Meet Dr. Darryll Pines, Dean of the Clark School
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Darryll J. Pines became Dean and Nariman Farvardin Professor of Aerospace Engineering at the Clark School on January 5, 2009, having come to the school in 1995 as an assistant professor and served as chair of the school's Department of Aerospace Engineering from 2006 to 2009.
As dean, Pines has led the development of the Clark School's current strategic plan and achieved notable successes in key areas, such as improving teaching in fundamental undergraduate courses and raising student retention; achieving success in national and international student competitions; giving new emphasis to sustainability engineering and service learning; promoting STEM education among high school students; increasing the impact of research programs; and expanding philanthropic contributions to the school. Today, the school's one-year undergraduate retention rate and five-year graduation rate is 90 percent and 65% respectively, the university's Solar Decathlon team placed first worldwide in the most recent competition against other leading universities, our Engineers Without Borders chapter is considered one of the nation's best, and the Engineering Sustainability Workshop launched by Pines has become a key campus event. Pines has testified before Congress on STEM education and created the Top 25 Source Schools program for Maryland high schools. At a national level he has led an effort as part of the American Society for Engineering Education-ASEE Deans Council’s K-12 STEM Committee to develop a potential College Board AP Exam in Engineering. He is the current Secretary on the Executive Committee of the National GEM Consortium's (GEM), a national non-profit providing programming and full fellowships to support increasing untapped domestic human capital at the graduate level in STEM fields.
At $144 million, the Clark School's research expenditures are at a record high, and the school is ranked 16th worldwide by the Academic Ranking of World Universities, which focuses on research citations. The Clark School led the university in achieving and surpassing its $185 million Great Expectations campaign goal, going on to reach $240 million as of the most recent accounting.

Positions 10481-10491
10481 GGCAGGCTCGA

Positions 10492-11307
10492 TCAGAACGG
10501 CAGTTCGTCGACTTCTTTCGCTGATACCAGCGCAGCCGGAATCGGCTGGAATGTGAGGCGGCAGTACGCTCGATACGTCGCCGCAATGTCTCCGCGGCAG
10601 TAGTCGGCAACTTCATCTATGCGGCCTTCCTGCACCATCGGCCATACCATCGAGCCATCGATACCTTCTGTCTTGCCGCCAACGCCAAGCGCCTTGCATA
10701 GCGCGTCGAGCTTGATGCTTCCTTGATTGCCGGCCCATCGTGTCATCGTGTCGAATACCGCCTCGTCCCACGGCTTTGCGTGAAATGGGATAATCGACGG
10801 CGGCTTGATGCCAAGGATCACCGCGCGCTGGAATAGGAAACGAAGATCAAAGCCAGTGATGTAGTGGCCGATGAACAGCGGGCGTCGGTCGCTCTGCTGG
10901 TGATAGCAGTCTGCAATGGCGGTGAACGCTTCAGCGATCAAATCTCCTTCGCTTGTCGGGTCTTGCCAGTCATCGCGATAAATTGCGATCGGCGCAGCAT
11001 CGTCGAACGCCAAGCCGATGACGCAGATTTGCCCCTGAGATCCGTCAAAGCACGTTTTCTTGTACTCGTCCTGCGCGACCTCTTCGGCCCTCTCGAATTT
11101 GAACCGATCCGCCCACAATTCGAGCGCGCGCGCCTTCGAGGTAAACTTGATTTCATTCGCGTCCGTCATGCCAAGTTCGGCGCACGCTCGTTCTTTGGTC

During Pines' leadership of aerospace engineering, the department was ranked 8th overall among U.S. universities and 5th among public schools in the U.S. News and World Report graduate school rankings. Pines has been director of the Sloan Scholars Program since 1996 since 1999, and served as chair of the Engineering Council, director of the NASA CUIP Program, and director of the SAMPEX flight experiment. He currently serves on the Executive and Advisory Board for Engineers Without Borders-EWB National and major corporations.
During a leave of absence from the University (2003-2006), Pines served as Program Manager for the Tactical Technology Office and Defense Sciences Office of DARPA (Defense Advanced Research Projects Agency). While at DARPA, Pines initiated five new programs primarily related to the development of aerospace technologies, for which he received a Distinguished Service Medal. He also held positions at the Lawrence Livermore National Laboratory (LLNL), Chevron Corporation, and Space Tethers Inc. At LLNL, Pines worked on the Clementine Spacecraft program, which discovered water near the south pole of the moon. A replica of the spacecraft now sits in the National Air and Space Museum.
Pines' current research focuses on structural dynamics, including structural health monitoring and prognosis, smart sensors, and adaptive, morphing and biologically-inspired structures, as well as the guidance, navigation, and control of uninhabited aerospace vehicles. He is a fellow of the Institute of Physics, the American Society of Mechanical Engineers and the American Institute of Aeronautics and Astronautics, and has received an NSF CAREER Award.
Pines received a B.S. in mechanical engineering from the University of California, Berkeley. He earned M.S. and Ph.D. degrees in mechanical engineering from the Massachusetts Institute of Technology.